Pathways and Partnerships: Framework for Collaboration and Reconciliation in the Cowichan Watershed

Nutsamat kws yaay’us tth qa’: We come together as a whole to work together to be stronger as partners for the watershed.  Please read and download the report of the Cowichan Watershed Board's watershed co-governance conversations, which took place from 2017-2018, between its founding partners, Cowichan Tribes First Nation and Cowichan Valley Regional District.  Abstract: The Cowichan Watershed Board (CWB) is a local governance entity created in 2010 to promote water and watershed sustainability in the Cowichan/Koksilah watersheds, ancestral home of the Quw’utsun First Nation. Co-chaired by Cowichan Tribes and the Cowichan Valley Regional District, the CWB represents a unique partnership between First Nations and local government. Through this model, Cowichan Tribes and the CVRD work together to advance whole-of-watershed health, demonstrating a commitment to moving down the path of reconciliation. Water has provided the critical vehicle to support this partnership and the opportunity to learn from each other respectfully while working towards improving the health of the watershed. The Board has an enviable track record of planning and implementing technical work, creating a culture of water conservation, promoting science-based advocacy and implementing respectful community-based solutions. This document outlines a Framework to guide the next steps in the Cowichan Watershed Board’s evolution. The Cowichan watershed (including the Koksilah sub-basin) faces a number of challenges to water sustainability, including threats to water quality, water supply and cumulative impacts to habitat. The CWB is seeking ways to become more effective in addressing these challenges, promote reconciliation and take advantage of opportunities associated with the Water Sustainability Act. Recently, through the support of the BC Freshwater Legacy Initiative and the POLIS Water Sustainability Project, CWB hosted a series of workshops that led to three main outcomes: i) Re-confirming and adding to the Principles that guide the Board’s work. Through the workshop series, an additional principle has been added to the previously endorsed principles of Representation, Transparency, Partnerships and “Whole of watershed thinking”. The Cowichan Tribes’ principle of “Nutsamat kws yaay’us tth qa’: We come together as a whole to work together to be stronger as partners for the watershed” is now part of the CWB’s Governance Manual. ii) Identifying three “Core Strategies” to inform how the CWB can evolve to be more effective in addressing watershed challenges: 1) Improving the CWB governance model and strengthening its partnerships 2) Using Watershed Management tools more effectively 3) Increasing the CWB’s role in watershed decision making iii) Defining three “Pathways to Watershed Health” that outline directions for future growth: 1) Recognizing and supporting Indigenous Authority 2) Strengthening Partnerships to implement programs and processes under the current governance framework 3) Building readiness to act on opportunities in the Water Sustainability Act. The Cowichan Watershed Board is committed to moving forward down each of the pathways as opportunities emerge, partnerships grow, and political and institutional contexts evolve. CWB_PathwaysAndPartnerships_Final_web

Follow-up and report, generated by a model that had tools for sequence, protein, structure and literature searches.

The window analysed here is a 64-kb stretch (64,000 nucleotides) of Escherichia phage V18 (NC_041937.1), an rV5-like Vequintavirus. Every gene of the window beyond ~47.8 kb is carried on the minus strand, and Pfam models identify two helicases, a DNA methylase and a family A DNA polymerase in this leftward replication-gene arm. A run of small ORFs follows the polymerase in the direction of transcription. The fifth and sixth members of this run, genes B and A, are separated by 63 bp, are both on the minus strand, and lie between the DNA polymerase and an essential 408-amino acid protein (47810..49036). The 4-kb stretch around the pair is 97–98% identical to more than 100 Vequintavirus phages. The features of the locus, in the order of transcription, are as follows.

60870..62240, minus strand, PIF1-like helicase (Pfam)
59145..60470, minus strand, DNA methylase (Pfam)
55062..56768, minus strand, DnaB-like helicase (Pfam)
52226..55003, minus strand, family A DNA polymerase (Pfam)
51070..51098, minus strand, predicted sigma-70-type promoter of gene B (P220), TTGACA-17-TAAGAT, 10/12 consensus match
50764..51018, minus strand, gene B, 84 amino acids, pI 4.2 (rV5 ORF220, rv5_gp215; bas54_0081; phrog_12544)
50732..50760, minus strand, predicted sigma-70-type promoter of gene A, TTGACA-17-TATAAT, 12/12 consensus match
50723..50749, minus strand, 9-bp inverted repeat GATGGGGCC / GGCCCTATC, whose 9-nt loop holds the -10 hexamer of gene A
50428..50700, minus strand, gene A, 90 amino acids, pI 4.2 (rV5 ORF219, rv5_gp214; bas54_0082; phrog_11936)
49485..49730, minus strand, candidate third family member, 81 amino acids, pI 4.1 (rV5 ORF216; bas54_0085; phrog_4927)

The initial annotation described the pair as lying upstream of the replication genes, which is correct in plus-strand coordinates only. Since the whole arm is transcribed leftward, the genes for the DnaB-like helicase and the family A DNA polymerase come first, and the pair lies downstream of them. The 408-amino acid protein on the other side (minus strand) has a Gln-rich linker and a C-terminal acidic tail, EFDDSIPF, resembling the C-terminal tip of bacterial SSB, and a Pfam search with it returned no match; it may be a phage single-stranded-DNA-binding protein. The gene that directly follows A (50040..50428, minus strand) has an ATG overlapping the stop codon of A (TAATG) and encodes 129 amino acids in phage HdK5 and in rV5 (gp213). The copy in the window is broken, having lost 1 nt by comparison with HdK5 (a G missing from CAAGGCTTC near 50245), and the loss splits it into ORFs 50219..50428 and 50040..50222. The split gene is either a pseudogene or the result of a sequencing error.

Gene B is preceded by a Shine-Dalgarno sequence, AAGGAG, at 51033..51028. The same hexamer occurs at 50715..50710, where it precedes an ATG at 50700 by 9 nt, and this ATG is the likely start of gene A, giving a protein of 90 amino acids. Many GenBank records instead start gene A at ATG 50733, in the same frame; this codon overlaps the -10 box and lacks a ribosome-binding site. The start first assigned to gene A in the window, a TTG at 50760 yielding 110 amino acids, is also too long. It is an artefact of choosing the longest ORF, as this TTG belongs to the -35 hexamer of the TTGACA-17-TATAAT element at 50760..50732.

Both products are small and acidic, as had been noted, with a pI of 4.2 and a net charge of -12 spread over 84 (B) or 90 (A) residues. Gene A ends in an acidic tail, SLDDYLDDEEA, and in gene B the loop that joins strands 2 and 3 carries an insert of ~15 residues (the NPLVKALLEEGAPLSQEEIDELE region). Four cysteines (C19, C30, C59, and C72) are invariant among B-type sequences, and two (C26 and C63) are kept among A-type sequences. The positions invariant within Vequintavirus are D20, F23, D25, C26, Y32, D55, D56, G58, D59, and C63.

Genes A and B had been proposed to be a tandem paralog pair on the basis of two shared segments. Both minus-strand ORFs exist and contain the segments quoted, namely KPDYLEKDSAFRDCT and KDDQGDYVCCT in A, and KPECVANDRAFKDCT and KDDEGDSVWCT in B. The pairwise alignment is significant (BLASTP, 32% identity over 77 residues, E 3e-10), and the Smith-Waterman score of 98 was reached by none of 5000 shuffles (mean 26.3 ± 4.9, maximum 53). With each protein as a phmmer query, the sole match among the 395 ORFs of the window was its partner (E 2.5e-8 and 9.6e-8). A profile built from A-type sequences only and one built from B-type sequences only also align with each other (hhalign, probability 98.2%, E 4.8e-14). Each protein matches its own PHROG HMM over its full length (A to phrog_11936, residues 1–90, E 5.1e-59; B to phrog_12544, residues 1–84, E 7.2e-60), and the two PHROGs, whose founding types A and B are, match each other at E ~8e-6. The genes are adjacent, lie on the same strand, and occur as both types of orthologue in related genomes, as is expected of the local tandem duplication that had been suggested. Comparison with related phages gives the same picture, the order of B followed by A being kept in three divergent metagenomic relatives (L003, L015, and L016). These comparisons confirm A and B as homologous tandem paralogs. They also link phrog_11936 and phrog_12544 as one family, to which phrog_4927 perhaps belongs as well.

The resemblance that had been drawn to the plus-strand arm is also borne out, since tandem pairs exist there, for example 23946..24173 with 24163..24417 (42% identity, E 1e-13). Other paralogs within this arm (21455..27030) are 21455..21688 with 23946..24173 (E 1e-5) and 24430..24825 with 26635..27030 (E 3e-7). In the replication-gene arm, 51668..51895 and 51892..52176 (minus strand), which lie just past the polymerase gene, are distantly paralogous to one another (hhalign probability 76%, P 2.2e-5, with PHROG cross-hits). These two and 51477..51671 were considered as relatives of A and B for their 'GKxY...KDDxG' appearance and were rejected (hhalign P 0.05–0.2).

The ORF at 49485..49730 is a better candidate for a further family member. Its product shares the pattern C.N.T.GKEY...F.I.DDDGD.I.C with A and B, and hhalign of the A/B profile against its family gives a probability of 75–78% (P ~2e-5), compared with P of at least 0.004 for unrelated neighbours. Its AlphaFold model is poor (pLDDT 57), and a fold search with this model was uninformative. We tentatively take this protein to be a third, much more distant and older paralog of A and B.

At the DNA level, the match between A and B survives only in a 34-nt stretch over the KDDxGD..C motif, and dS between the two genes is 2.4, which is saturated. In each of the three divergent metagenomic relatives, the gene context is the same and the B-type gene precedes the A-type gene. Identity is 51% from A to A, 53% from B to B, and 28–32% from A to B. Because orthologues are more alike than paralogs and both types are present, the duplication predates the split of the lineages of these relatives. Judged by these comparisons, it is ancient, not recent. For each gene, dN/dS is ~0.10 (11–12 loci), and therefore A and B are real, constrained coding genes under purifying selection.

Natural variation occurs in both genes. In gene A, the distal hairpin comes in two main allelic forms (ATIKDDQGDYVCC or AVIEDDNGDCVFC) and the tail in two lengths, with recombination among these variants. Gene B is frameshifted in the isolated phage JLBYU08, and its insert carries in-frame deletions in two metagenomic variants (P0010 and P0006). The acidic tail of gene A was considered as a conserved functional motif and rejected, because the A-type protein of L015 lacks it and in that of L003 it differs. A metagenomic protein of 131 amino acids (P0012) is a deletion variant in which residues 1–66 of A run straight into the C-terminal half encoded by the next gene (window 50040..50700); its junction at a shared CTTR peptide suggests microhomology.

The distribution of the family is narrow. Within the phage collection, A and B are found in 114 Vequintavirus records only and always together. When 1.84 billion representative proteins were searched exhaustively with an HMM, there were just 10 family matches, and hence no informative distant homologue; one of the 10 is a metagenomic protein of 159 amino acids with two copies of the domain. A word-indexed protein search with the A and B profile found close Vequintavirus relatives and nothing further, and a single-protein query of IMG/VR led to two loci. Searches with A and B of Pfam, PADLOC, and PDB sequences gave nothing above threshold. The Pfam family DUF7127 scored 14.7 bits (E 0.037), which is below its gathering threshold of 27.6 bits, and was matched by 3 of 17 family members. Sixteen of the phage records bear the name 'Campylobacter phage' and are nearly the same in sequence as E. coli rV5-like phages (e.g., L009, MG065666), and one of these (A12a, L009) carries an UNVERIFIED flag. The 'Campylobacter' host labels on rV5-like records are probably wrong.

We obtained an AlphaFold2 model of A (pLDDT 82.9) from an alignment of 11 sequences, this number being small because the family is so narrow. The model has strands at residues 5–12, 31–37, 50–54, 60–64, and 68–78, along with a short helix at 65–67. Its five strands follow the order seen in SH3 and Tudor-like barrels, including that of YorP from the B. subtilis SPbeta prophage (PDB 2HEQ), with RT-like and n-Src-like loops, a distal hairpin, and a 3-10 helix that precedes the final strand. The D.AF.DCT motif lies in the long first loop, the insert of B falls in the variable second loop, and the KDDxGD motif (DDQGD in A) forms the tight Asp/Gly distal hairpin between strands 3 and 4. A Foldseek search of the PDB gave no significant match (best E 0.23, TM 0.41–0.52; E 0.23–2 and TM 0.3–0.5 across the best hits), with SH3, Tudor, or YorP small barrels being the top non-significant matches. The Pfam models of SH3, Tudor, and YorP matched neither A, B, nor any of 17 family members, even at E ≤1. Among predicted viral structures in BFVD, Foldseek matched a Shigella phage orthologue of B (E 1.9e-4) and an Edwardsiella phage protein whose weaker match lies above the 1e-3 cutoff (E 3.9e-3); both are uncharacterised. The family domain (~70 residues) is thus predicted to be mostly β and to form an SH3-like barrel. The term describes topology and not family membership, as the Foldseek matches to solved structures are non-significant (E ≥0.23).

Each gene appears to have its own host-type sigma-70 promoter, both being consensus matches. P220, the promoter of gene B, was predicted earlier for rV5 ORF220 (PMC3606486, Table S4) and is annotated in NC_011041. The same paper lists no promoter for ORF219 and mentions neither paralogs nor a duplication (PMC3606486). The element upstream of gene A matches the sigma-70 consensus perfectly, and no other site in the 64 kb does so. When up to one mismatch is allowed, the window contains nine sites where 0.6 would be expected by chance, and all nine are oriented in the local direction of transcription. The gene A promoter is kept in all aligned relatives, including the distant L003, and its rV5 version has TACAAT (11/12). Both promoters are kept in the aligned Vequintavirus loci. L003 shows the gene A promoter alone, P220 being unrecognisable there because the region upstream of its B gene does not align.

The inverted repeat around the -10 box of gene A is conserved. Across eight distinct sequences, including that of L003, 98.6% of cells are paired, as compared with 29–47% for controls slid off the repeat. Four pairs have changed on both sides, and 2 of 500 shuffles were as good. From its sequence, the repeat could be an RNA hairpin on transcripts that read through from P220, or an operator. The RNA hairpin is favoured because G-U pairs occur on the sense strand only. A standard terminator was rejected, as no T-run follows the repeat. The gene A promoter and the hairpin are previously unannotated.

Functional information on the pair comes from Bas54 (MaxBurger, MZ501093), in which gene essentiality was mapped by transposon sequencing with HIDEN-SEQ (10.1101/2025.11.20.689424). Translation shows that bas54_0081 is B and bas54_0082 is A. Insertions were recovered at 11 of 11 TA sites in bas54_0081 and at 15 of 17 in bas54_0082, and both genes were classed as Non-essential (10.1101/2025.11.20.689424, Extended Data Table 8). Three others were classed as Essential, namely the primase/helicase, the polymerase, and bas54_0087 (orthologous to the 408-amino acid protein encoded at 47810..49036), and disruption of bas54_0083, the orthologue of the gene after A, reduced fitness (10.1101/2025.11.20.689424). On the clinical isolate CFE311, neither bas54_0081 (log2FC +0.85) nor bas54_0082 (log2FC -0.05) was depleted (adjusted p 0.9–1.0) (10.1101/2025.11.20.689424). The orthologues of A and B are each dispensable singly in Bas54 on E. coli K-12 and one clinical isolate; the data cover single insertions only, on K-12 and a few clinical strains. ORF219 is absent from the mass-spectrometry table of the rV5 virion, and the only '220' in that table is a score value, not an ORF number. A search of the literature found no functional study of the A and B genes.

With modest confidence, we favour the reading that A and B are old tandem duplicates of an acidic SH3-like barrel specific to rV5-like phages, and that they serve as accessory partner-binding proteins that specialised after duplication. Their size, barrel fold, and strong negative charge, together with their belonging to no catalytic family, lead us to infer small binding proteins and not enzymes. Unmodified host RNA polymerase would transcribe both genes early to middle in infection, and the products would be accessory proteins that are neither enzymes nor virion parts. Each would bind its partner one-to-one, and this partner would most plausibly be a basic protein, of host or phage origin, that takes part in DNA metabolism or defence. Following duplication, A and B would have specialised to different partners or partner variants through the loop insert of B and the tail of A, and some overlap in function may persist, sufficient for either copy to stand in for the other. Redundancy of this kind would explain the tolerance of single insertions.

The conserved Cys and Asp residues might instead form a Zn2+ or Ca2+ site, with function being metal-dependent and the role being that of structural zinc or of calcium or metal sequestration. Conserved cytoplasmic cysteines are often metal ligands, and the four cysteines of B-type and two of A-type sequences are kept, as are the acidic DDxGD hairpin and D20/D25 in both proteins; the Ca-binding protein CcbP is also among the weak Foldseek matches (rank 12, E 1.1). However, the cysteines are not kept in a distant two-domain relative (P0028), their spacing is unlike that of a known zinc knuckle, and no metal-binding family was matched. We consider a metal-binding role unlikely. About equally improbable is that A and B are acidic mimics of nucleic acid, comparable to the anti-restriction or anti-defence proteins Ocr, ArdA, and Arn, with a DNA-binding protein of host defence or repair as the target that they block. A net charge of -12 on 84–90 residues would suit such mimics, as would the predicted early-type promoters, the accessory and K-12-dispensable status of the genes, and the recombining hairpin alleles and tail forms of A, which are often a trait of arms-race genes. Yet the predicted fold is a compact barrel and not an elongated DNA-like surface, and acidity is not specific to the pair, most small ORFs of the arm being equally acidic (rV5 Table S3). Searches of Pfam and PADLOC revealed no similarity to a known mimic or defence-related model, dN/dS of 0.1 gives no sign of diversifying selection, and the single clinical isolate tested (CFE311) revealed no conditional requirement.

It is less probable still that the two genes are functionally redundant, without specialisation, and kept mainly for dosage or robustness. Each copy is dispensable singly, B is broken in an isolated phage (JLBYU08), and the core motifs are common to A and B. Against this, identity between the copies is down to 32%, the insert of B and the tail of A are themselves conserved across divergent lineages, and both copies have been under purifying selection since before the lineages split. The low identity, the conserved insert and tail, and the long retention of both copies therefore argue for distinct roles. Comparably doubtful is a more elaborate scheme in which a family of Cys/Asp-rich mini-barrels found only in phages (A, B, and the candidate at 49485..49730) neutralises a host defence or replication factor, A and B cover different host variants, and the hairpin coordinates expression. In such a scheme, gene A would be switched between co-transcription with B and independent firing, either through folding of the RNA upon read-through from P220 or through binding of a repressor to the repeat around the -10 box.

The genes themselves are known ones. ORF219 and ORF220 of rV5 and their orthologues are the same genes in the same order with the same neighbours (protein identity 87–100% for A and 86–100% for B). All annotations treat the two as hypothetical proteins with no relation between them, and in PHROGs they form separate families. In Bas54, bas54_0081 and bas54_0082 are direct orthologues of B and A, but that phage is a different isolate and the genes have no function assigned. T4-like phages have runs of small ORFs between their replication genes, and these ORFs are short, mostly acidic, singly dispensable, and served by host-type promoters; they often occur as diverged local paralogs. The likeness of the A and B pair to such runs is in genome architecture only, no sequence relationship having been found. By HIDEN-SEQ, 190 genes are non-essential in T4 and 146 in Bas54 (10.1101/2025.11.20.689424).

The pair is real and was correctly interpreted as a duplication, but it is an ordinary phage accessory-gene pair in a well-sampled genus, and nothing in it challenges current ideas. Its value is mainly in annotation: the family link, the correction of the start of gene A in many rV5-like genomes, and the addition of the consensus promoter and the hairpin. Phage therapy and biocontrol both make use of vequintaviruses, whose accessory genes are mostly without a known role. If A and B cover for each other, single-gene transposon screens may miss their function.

Date: 20 Jun 2018